Saturday, April 10, 2010

On Free Culture

It is Jazz Appreciation Month at the Smithsonian at the moment. My friend Shanti knows these things because her job entails wineing and dining the Government's visitors. Woo!

On Friday, she took us to the National Museum of American History. First, we picnicked outside for dinner. A variety of jazz and jazz-like songs played out of speakers hidden in artificial rocks in the garden around the museum.

When it was almost 6:30, we took our seats in an almost empty auditorium. Besides us, there were a few young couples, two old white men, a black man in the front with a note pad, a couple of black women, and a homeless man wearing a hoodie. "What is the running time of the film?", asked the homeless man. "Around 80 minutes". 

The film being shown was Guy and Madeline on a Park Bench. It is a modern musical made by a 24 year old Harvard Film School graduate, Damien Chazelle. The film has received high acclaim, as the Web site shows.

If you enjoy Cassavettes-style film-making that is poignant and whimsical, yet documentary-like and narrative driven, I suggest you see this film when it is released later this Fall. If you have a particular penchant for jazz music, then you will absolutely love this film. And if you are a lover of music but impartial to jazz because you are too young/too *insert reason here*, you may still love this film.

The reason is this: The film features all original music written by Chazelle, composed by Chazelle's old college roommate Justin Hurwitz, and performed by the Bratislava Symphony Orchestra. Considering the film is a musical, this is a very impressive feat for Harvard-educated amateurs. Listen to the music here. The songs are quite gorgeous and could very easily be mistaken for real classics.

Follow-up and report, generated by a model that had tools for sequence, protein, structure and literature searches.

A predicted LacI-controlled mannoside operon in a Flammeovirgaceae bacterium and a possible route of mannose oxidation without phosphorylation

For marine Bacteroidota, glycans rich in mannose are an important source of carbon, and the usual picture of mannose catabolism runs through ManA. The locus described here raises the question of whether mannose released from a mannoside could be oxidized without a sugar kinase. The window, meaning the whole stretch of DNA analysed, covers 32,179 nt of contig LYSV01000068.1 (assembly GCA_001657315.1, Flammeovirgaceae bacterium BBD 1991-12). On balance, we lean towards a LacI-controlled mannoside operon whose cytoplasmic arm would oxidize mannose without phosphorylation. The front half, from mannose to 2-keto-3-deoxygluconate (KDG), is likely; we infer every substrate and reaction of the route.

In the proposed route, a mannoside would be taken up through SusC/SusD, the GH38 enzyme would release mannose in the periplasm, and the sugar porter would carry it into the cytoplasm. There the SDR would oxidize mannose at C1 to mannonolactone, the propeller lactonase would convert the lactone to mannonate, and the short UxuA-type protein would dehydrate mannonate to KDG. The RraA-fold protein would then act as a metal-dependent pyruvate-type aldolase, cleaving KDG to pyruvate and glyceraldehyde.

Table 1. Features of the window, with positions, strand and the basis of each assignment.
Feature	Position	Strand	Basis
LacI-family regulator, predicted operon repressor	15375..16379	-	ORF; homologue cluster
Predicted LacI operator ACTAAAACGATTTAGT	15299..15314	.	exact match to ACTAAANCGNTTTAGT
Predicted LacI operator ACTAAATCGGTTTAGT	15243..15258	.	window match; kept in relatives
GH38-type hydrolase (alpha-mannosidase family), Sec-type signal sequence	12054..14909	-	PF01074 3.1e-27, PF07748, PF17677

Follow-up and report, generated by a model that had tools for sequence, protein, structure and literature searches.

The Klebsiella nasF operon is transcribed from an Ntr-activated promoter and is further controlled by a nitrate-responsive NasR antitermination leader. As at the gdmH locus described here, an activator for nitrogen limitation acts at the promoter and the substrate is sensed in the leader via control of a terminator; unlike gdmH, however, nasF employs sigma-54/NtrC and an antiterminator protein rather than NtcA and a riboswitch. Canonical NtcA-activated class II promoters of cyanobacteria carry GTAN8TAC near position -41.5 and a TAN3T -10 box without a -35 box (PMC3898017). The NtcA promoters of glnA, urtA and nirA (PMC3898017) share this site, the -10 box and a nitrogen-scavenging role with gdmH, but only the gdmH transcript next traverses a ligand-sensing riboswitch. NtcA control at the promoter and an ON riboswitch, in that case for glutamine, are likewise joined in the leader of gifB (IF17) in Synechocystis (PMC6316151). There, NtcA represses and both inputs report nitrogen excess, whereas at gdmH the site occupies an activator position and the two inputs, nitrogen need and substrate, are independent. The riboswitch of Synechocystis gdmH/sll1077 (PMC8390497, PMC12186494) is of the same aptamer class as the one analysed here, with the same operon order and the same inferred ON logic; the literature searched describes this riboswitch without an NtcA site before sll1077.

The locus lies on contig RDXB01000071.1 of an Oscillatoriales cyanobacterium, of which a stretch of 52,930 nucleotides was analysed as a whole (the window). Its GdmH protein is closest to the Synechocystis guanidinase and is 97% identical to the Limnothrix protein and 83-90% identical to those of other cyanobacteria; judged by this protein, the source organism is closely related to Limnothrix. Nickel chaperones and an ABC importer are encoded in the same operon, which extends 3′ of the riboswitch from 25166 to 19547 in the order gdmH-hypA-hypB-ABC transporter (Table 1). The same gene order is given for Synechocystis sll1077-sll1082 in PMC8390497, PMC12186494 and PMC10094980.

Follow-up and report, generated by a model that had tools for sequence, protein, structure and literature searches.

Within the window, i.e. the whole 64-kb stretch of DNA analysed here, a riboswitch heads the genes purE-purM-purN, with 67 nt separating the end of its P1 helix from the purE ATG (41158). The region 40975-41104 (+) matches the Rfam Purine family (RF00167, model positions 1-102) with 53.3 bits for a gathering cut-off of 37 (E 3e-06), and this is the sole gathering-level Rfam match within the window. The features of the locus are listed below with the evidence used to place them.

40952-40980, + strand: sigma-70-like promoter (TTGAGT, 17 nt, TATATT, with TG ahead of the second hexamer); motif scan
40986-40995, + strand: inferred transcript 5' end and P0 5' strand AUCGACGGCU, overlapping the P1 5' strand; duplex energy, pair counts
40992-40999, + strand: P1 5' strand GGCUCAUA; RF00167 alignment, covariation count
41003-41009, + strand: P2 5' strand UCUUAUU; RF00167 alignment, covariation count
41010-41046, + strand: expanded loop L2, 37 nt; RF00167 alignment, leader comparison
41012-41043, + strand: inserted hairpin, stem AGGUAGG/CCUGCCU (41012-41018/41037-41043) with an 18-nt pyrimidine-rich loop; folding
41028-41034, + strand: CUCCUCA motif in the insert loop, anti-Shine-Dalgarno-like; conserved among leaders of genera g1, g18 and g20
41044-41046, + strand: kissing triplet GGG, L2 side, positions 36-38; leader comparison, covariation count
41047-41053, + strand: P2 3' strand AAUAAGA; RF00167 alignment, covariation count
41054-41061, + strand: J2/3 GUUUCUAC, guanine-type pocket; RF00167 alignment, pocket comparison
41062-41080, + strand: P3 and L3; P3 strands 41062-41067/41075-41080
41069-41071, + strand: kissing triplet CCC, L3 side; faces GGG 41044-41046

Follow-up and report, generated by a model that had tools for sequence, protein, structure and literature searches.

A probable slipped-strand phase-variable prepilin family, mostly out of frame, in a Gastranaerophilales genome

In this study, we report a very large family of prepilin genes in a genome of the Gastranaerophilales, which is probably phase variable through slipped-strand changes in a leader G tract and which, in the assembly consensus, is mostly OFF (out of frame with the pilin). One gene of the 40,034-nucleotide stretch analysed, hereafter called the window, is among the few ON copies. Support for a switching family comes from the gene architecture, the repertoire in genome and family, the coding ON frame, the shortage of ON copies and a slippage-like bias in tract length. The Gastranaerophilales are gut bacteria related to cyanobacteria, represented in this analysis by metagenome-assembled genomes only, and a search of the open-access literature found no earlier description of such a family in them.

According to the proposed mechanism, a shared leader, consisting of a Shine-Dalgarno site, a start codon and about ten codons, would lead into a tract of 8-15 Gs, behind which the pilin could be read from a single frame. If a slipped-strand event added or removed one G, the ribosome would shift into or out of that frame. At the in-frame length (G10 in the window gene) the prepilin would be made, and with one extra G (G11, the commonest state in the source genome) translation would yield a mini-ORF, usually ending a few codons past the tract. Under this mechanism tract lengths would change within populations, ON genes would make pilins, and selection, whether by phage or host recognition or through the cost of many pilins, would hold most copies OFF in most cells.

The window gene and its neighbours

After the film, Chazelle, who was dressed in a plaid shirt, grandpa cardigan, slim-ish jeans and boat shoes, came to the stage for Q and A. The size of the audience made for an intimate setting where we felt un-intimidated enough to ask him our questions.  Jared and I asked about the setting of the film in Boston and the reception of the film amongst his non-jazz appreciating friends, respectively. He answered Jared's question with a chatty air of artist's pride, and mine with a faint trace of disdain; "The film is about the lifestyle of a musician, which transcends the genre of jazz." I was impressed with how articulate he was.


After the film, we walked to Chinatown in the rain and talked about how terrible it is that people don't take advantage of the free cultural events that D.C. has to offer.

No comments: